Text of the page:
Australian NSW AG Backs R18+ Rating

August 10, 2011 -

Last month, Australia's attorneys-general agreed "in-principle” to introduce an R18+ ratings category for video games in the country. At the same time, NSW Attorney-General Greg Smith abstained from the R18+ vote, but promised to take the issue back to his Cabinet before making a final decision. Despite the fact that Smith abstained from voting, Federal Minister for Home Affairs Brendan O'Connor announced that the federal government would move ahead with introducing the R18+ rating for games based on the support from the remaining states and territories.

The good news today, according to GameSpot, is that Smith has decided to support the general consensus of other AG's that a new ratings classification is needed.

In a statement to the ABC, Smith's office announced the NSW government's formal support of R18+:

"Few people would dispute the value of a classification system that helps keep adult material beyond the reach of children," Smith said in the statement. "With strong classification guidelines in place, an R18+ rating should result in violent games currently rated MA15+ in Australia being reclassified as adults-only, as they already are in many other countries. ''

Smith added that he would work with other attorneys-general on drafting the national R18+ for games guidelines.

Federal Minister for Home Affairs Brendan O'Connor welcomed Smith's announcement, saying:

"I am delighted that NSW has decided to support what is not just a practical public policy, but a very popular policy," O'Connor said in a statement to the media. "The introduction of an R18+ classification for computer games will provide better advice to parents and help prevent children and teenagers from accessing unsuitable material. Once introduced, the new classification will also afford adults the opportunity to view material designed for adults."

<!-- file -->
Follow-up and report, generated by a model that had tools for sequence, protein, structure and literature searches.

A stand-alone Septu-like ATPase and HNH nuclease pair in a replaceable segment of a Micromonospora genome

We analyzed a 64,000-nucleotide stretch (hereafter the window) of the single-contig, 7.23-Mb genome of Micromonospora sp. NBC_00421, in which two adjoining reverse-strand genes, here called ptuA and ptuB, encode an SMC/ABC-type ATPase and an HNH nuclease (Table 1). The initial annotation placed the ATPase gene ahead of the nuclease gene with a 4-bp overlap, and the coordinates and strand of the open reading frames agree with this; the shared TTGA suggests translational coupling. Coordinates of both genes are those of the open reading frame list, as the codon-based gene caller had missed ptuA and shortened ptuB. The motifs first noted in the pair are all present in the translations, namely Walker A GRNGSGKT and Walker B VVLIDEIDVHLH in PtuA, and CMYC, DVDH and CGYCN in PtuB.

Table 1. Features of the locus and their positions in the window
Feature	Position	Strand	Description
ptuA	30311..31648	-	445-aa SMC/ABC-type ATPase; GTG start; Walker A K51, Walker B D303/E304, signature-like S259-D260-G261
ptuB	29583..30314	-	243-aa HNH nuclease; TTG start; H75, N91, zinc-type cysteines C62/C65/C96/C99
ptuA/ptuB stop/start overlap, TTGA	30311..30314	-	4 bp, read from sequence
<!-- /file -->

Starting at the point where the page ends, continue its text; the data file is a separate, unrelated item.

"It is a credit to all jurisdictions that the meeting has now been able to achieve agreement over what is a complex matter in classification policy."

O'Connor's office has said that the Australian government is in the process of preparing legislation that would introduce R18+ for games. This would include the new classification, along with changes to existing rules and categories in the current ratings system. One of the interesting changes is to "ultra violent" games getting a rating for adults only. In the past games such as Mortal Kombat were simply refused classification because of extremely violent content. Under the new ratings system there might be a place for games such as MK. Games with strong sexual content will probably have a more difficult time, but that's the standard in just about every place in the world.

Source: GameSpot by way of Cheater87.


 
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Matthew Wilsonyes it help a sub section of the poor, but hurt both the middle and upper class. in the end way more people were hurt than helped. also, it hurt most poor people as well.04/16/2014 - 12:13am
SeanBJust goes to show what I have said for years. Your ability to have sex does not qualify you for parenthood.04/15/2014 - 9:21pm